You just walked out of a meeting feeling tired and confused. The conversation went on for over 3 hours to discuss whether the marketing and sales teams should be merged and follow the same priorities, and whether or not they should segment customers by product lines or by geographies.
In the end, no decision was made, and you don't feel like you are closer to the solution; if anything, you feel further away from being able to make a decision.
The ask from the CEO was clear: over the last couple of years, we have seen our sales performance decline, and he wants to know how we should restructure the sales and marketing teams to maximize their effectiveness and impact.
You walk up to the break room to grab a cup of coffee and start thinking about that meeting.
Why weren't we able to get aligned on what looks like a simple question? The team is good, the best you’ve ever worked with. Everyone in that room is an expert with years of experience in their respective fields and it showed during the conversation, everyone made some great points.
Still, over the course of the meeting, you kept changing your mind as new perspectives emerged. Every time you thought "Ok we got this", someone else made another point that threw you and the group into another loop.
Eventually, you ended up where you started, feeling frustrated. The only difference is that you are now a lot more informed about the pros & cons of each structure.
Then it strikes you and you almost drop your coffee as you realize the source of the problem
During this entire conversation, you were debating the structure, the operating model. If the company was a machine, you were debating what cogs the machine should have and how they fit together, but you never talked about what is the machine supposed to produce (ie: the outcomes).
Strategy conversations shouldn't start with structure
Let's take a step back for a second and talk about strategy.
At a really high level a strategy is made of 3 pillars:
Direction - Operating Principles - Structure
They are all important, but there is a sequence to how we should think about them. Alignment problems often arise when we focus too much on structure and lose track of the first two.
The Direction and Operating Principles should drive the Structure. Not the other way around.
It is not uncommon (if not frequent) for teams and organizations to approach the problem from the wrong angle and get stuck. The Structure, while critically important to an organization's strategy, is only a means to an end, and should remain that way.
Problems arise when:
We try to make decisions about the Structure without being aligned on the Direction or Operating Principles that the Structure is supposed to serve
Or when the Structure becomes a constraint that drives how an organization thinks about its Direction or Operating Principles
So let's have a quick look at this simple framework and provide some further context on its three pillars:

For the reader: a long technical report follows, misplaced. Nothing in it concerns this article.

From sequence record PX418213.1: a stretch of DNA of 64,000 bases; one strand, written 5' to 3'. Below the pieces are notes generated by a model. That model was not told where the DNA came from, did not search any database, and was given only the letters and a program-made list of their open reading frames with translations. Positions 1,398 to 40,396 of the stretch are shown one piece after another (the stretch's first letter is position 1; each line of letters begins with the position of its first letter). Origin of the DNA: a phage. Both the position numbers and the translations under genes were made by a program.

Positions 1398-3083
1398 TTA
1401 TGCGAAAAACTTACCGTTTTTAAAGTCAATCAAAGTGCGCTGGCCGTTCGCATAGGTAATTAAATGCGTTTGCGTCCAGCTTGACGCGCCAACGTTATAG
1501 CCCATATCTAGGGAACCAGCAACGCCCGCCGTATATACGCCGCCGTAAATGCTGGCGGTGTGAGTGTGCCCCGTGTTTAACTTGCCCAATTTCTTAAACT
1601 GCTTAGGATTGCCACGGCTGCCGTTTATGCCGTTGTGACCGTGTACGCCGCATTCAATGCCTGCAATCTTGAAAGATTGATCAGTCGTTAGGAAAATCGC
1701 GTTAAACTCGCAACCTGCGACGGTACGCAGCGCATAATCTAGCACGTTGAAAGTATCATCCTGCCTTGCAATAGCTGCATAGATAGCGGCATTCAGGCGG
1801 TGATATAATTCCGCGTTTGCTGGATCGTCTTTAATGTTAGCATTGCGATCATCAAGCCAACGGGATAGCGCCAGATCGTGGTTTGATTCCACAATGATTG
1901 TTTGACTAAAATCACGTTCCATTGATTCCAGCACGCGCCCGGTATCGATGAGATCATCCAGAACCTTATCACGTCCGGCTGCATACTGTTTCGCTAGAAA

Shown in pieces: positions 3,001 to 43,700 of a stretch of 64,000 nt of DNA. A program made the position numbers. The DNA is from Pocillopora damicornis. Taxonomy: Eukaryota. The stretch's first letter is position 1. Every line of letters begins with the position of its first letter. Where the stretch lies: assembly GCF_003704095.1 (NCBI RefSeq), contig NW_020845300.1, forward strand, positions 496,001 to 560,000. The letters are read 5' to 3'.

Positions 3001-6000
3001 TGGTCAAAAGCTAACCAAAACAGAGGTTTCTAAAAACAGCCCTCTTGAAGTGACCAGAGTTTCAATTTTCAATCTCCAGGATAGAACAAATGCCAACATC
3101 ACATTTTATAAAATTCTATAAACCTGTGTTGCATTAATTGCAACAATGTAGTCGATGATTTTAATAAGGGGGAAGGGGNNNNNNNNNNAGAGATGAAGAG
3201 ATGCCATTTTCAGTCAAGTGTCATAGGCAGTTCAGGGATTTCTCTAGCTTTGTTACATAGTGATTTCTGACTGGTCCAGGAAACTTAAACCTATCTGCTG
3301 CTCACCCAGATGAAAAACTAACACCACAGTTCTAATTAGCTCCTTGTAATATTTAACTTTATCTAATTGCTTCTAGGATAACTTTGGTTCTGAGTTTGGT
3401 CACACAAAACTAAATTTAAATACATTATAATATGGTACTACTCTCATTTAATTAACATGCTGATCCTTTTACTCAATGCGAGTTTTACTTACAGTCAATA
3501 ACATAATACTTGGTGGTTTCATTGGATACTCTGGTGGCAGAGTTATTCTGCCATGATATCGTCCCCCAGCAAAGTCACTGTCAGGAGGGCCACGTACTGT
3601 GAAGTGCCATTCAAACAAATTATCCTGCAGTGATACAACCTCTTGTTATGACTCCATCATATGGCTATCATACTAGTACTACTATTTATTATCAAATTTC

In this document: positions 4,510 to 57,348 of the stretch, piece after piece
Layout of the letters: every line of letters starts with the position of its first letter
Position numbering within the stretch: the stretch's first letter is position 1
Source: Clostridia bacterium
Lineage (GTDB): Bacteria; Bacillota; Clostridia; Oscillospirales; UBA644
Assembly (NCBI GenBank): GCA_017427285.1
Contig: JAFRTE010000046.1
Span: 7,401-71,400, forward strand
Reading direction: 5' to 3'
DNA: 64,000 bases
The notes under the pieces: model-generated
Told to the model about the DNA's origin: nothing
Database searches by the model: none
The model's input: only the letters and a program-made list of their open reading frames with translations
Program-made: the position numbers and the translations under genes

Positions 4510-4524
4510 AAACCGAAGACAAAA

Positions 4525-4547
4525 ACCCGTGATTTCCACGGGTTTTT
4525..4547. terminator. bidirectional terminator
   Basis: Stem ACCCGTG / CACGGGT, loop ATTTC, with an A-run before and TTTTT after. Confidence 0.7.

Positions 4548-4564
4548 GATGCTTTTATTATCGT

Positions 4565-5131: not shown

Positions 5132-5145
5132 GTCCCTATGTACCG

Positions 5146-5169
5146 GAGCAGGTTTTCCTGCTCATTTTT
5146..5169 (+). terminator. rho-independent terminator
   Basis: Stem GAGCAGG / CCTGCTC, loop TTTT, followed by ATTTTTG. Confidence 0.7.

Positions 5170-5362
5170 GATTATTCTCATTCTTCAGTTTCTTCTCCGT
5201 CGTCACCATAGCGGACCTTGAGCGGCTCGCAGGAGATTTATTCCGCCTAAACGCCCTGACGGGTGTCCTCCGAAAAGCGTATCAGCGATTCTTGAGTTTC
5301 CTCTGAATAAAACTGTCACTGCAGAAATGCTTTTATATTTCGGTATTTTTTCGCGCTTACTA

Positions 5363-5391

Direction - Operating Principles - Structure
To make those concepts as concrete as possible, let's use a metaphor and pretend that our organization is a fleet of vehicles.
The Structure is how the organization is set up, what core capabilities it relies on to fulfill its promise to its customers. In our example, that means how many vehicles are part of the convoy, what kind of vehicles (cars, buses, trains, planes, etc.), and how they work together, etc.
The Structure is what enables us to go where we want to go. It doesn't tell us where to go.
The Operating Principles are the set of core values, guidelines, and beliefs that guide how we make decisions in the organization. For the convoy, some Operating Principles could be: we prioritize travelers comfort and safety over anything else, we only use clean energy, etc. Those are principles that will inform decisions we make at every step of the way, wherever we decide to go.
The Direction (or vision) is the set of outcomes that our organization aspires to deliver for our customers. A clear Direction paints a picture of how the world will be for our audience once we have generated those outcomes. In our example, it's actually the destination, how fast we get there, and who we bring there. We could decide to bring American tourists to Paris, or a group of elderly people to the local beach.
Obviously the Structure that would best serve the Direction of "bringing a group of elderly people to the local beach" would be very different from "bring American tourists to Paris".
How to reset the alignment problem
When you find yourself stuck in conversations and have a hard time finding alignment, ask yourself the question: "Are we on the same page and aligned on what our Direction & Operating Principles are?"
If you are unable to reach a decision, it's not necessarily because you lack data or competence, or that people in your team aren’t being cooperative. It may just be that you are not looking at the same problem, and you are not aligned on the Direction or the Operating Principles.
You are discussing the "How do we get there" without being aligned on the "There".
Our Structure often conditions how we think about our projects and the outcomes we can deliver. It’s normal to be drawn to discussing the structure because it’s a much easier and comfortable conversation.
However, don't let it be about what you can do given the current Structure.
Instead think about what you should do given your Direction and Operating principles. From there, adapt the structure to best serve your Direction, not the other way around.
Do you have clarity on what your organization’s Direction is? Do you know (not assume) that everyone is aligned on that Direction?
If you don’t have a definite “yes” to both of those questions, I’d recommend that you stop talking about the structure, and instead create alignment on the Direction.